Scatter My Ashes At Bergdorf's is a documentary examining the American Dream, and the American Dream is to be able to afford expensive items no one else can afford. Hey, don't get me wrong, I love expensive items as much as the next billionaire, because having expensive items no one else has is fun. Actually, having an item no one else has is fun regardless of price. Inspiring envy in others is inspiring. I don't necessarily have to spend $6000 on a pair of ugly shoes to feel elitist. I can happily spend $60 on a pair of ugly shoes and feel elitist, because I like ugly shoes no one else would ever wear and if I ever see anyone else wearing apparel I own it's dead to me forever.
If I were to ever go to one of those red carpet movie premieres (and I probably wouldn't) and someone were to ask me what I was wearing (and they probably wouldn't), I would gladly tell them I am wearing my vintage 80s Cocteau Twins t-shirt, my vintage belt with hot dogs on it I bought from Strange Cargo in Chicago, my Cheap Monday jeans with the skulls on the buttons, and my socks from Target with tacos on them. I could guarantee no one would be wearing that outfit, and probably no one would want to.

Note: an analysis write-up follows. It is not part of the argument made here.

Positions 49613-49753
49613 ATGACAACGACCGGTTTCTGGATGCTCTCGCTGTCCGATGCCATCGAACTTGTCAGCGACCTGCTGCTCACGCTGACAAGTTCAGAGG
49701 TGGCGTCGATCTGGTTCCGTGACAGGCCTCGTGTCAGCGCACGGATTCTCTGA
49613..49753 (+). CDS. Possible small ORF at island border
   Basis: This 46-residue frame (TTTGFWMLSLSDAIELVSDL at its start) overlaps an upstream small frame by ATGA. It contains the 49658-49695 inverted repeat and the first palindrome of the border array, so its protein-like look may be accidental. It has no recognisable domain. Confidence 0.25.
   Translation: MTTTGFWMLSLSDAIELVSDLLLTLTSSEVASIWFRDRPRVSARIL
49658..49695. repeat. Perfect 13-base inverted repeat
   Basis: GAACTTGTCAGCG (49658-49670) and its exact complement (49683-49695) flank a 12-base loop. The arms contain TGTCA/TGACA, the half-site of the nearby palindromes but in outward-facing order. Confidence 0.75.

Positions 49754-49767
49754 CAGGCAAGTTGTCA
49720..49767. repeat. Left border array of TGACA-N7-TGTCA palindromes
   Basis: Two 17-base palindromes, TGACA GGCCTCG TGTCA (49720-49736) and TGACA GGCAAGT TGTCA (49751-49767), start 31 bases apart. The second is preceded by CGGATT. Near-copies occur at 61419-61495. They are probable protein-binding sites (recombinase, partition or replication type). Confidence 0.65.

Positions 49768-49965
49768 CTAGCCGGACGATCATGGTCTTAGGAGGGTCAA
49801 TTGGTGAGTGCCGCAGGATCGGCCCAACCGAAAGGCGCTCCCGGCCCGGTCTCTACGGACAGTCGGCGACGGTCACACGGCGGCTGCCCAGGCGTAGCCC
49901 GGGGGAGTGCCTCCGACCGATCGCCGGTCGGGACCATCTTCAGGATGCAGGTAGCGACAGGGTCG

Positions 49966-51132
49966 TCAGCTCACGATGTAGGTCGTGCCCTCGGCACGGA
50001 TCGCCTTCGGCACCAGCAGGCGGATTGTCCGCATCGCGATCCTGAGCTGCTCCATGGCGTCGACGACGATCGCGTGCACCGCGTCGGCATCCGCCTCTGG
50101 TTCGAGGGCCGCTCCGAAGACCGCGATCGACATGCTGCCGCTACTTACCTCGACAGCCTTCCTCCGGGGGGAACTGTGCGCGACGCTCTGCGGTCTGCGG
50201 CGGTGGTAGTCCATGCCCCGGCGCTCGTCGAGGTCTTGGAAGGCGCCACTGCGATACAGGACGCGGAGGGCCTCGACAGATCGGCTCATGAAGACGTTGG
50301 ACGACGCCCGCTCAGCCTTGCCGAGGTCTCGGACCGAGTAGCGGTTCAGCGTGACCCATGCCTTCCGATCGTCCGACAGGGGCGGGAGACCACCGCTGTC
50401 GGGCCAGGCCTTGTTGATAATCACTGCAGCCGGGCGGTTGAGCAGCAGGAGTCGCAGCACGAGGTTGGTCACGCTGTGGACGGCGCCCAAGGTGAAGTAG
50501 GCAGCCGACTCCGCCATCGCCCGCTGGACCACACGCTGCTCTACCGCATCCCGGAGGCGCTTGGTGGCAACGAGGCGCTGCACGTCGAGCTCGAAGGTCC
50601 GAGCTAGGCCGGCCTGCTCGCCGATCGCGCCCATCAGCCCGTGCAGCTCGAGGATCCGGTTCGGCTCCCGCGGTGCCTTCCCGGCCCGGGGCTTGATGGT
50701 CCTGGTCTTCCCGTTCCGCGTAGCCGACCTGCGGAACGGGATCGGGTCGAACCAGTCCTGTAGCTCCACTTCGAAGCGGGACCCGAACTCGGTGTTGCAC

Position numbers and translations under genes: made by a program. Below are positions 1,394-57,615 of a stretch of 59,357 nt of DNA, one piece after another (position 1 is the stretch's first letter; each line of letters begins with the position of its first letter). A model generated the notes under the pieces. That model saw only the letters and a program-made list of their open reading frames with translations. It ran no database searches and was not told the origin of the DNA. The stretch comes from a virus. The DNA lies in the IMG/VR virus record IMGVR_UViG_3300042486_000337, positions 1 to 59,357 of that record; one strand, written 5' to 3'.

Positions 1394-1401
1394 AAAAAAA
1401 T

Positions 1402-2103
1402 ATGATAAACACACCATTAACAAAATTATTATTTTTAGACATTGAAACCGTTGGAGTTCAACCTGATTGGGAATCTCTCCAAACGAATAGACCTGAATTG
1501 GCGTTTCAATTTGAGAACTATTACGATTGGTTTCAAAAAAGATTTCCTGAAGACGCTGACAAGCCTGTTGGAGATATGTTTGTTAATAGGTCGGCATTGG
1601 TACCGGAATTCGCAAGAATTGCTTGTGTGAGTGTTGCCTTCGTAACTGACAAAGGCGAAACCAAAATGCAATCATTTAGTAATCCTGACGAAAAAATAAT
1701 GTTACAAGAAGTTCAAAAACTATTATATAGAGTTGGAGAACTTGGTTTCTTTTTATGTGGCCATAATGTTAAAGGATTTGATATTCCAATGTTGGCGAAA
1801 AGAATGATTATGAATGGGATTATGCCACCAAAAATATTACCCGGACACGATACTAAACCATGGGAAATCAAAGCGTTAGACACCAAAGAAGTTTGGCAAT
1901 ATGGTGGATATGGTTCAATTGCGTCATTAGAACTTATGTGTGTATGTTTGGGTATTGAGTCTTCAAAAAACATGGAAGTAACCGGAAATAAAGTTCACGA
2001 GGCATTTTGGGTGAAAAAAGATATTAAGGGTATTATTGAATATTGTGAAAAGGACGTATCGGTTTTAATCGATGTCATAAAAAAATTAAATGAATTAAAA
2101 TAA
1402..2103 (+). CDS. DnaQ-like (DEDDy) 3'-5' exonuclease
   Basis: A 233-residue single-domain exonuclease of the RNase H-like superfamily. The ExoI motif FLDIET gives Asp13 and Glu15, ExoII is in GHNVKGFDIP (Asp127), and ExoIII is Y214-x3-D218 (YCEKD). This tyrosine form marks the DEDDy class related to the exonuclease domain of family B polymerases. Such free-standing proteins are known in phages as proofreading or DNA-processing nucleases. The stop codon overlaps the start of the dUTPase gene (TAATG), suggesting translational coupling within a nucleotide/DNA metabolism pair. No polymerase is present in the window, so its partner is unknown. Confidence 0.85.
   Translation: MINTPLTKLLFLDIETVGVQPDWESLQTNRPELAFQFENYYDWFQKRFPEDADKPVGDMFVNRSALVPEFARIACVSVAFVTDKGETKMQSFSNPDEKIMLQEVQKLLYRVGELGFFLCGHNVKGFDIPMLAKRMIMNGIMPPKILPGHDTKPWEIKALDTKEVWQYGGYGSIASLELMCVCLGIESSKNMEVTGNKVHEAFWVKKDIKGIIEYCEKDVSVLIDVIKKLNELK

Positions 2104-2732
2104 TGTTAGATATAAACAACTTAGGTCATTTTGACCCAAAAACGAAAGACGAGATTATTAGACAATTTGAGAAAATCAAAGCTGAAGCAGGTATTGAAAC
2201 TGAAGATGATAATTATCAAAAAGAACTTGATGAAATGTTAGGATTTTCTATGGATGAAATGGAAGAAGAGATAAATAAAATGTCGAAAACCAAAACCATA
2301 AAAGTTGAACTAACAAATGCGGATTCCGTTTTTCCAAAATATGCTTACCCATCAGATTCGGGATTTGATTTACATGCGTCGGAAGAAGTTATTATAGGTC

Anyway, I found one moment in Scatter My Ashes At Bergdorf's to be very ironic, where someone was recounting a story where a bag lady came in to Bergdorf's and was asking about a fur coat. The salesperson tried to be helpful, because if you're making $450,000 a year as a retail salesperson you'd better be helpful, and kept telling the woman that she couldn't afford the coat, and the bag lady reached into her shopping bag and pulled out a fat stack of cash to buy it. The person telling the story said, "You shouldn't judge a book by its cover, because you never can tell if a bag lady is carrying a bag of cash", and I have to call bullcrap on that. Everyone who shops at Bergdorf's WANTS to be judged by their cover, and pays a bag full of cash to have it done.